477 F.2d 495 (4th Cir. 1973), 72-1733, Appalachian Power Co. v. E.P.A.
|Docket Nº:||72-1733, 72-1734,, 72-1776.|
|Citation:||477 F.2d 495|
|Party Name:||APPALACHIAN POWER COMPANY et al., Petitioners, v. ENVIRONMENTAL PROTECTION AGENCY, Respondent. APPALACHIAN POWER COMPANY, Petitioner, v. ENVIRONMENTAL PROTECTION AGENCY, Respondent. BETHLEHEM STEEL CORPORATION, Petitioner, v. William D. RUCKELSHAUS, Administrator, and Environmental Protection Agency, Respondent.|
|Case Date:||April 11, 1973|
|Court:||United States Courts of Appeals, Court of Appeals for the Fourth Circuit|
Argued Dec. 5, 1972.
H. Edward Dunkelberger, Jr., Washington, D. C. (Theodore L. Garrett,
Washington, D. C., Charles C. Wise, Jr., and Thomas C. Damewood, Charleston, W. Va., on brief), for petitioners in Action Nos. 72-1733 and 72-1734.
H. Vernon Eney and Thomas P. Perkins, III, Baltimore, Md. (Anthony M. Carey, Robert G. Smith and Venable, Baetjer & Howard, Baltimore, Md., on brief), for petitioner in Action No. 72-1776.
James R. Moore, Atty., U. S. Dept. of Justice (Kent Frizzell, Asst. Atty. Gen., Edmund B. Clark and Martin Green, Attys., U. S. Dept. of Justice, on brief), for respondents in Action Nos. 72-1733, 72-1734 and 72-1776.
Before RUSSELL, FIELD and WIDENER, Circuit Judges.
DONALD RUSSELL, Circuit Judge:
These proceedings arose under the Clean Air Act Amendments of 1970, 1 which represented a drastic revision of earlier federal air quality control legislation. 2 In enacting the Amendments, Congress was seeking to "make possible the more expeditious imposition (and enforcement both nationally and locally) of specific emission standards" for air pollutants by substantial revisions in the "cumbersome and time-consuming procedures" of the earlier statutes in the field. 3 To achieve this purpose, it sought to involve both state and federal governments by establishing two methods of control, one federal and one state, each complementary of the other, and the two combining and cooperating to assure a healthy air environment throughout the nation under plans specially adapted to the unique conditions of the various states. 4 By national action the Amendments proposed to regulate the amount of pollution in the ambient air and by state action it sought to control the amount of polluting emissions at their source. 5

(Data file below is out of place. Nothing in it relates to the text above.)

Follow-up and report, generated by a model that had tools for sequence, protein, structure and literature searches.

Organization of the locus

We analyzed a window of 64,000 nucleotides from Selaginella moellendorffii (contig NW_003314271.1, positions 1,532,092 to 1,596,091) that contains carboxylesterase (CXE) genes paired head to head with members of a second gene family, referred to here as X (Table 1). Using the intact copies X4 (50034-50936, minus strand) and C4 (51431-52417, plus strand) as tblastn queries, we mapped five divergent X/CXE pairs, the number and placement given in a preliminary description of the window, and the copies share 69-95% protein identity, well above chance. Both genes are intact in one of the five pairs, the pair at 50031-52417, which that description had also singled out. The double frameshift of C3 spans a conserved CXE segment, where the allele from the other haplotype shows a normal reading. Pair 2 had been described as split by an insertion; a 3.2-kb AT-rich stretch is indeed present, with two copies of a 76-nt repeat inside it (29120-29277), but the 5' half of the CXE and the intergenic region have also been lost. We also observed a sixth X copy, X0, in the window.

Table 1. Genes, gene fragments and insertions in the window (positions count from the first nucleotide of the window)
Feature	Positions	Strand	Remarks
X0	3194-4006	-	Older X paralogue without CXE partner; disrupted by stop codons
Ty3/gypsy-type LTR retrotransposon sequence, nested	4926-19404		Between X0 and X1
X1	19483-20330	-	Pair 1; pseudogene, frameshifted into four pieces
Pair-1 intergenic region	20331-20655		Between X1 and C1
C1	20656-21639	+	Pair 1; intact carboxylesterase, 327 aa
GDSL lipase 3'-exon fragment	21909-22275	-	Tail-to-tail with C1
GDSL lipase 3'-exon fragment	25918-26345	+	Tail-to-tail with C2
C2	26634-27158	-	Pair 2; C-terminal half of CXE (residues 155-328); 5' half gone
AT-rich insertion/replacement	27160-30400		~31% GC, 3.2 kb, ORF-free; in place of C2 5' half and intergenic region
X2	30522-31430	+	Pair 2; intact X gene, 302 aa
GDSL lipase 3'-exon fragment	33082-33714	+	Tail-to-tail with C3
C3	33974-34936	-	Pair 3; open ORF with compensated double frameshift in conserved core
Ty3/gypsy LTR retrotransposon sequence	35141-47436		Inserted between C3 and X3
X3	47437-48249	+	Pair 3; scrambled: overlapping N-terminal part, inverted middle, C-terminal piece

The federal agency charged with responsibility under the Amendments was the Environmental Protection Agency. The first responsibility of the Administrator of such Agency is to prepare, from time to time, a list of all air pollutants which have an adverse effect on public health or welfare and to issue air quality criteria for these pollutants, reflecting "the latest scientific knowledge useful in indicating the kind and extent of all identifiable effects on public health or welfare which may be expected from the presence of such pollutant[s] in the ambient air, in varying quantities." 6 He is then directed by the Amendments to promulgate national primary and secondary ambient air quality standards for each air pollutant for which air quality criteria had been issued. 7 In the promulgation of these national standards, the Administrator, it is argued, is to be
guided solely by health considerations. 8 He is, also, to issue regulations establishing federal standards of performance for all new stationary sources. Those standards were to be achieved through the use "of the best system of emission reduction which (taking into account the cost of achieving such reduction) the Administrator determines has been adequately demonstrated." 9 The states, on the other hand, are to formulate, after reasonable notice and public hearings, "implementation plans" establishing standards for the control within their borders of sources of pollution, which standards were to be sufficiently stringent to assure that the emission volume from all such sources within those areas did not exceed the national ambient air standards. 10 Stated somewhat differently, the Amendments provided that states, in preparing their own plans for control, could be as tough on polluters as they wished, but that no state could allow industry to exceed the federal standards on smoke and dust, carbon monoxide and other common pollutants. 11
The state plan was to cover existing sources and to take into account new stationary and moving sources. It is expected that states, in exercising their authority under the Amendments, would consider local factors such as "meteorological conditions, topographical context, and economic and social demands." 12
They are expected, also, to give consideration to control technology and economic factors. 13 Any state implementation plan, however, has to be submitted to the Administrator for approval. The approval of the Administrator requires, inter alia, a finding by him that the plan provided for the attainment of the national primary ambient standards-based on health-within three years, and of the secondary standards-based on welfare-within a reasonable time. 14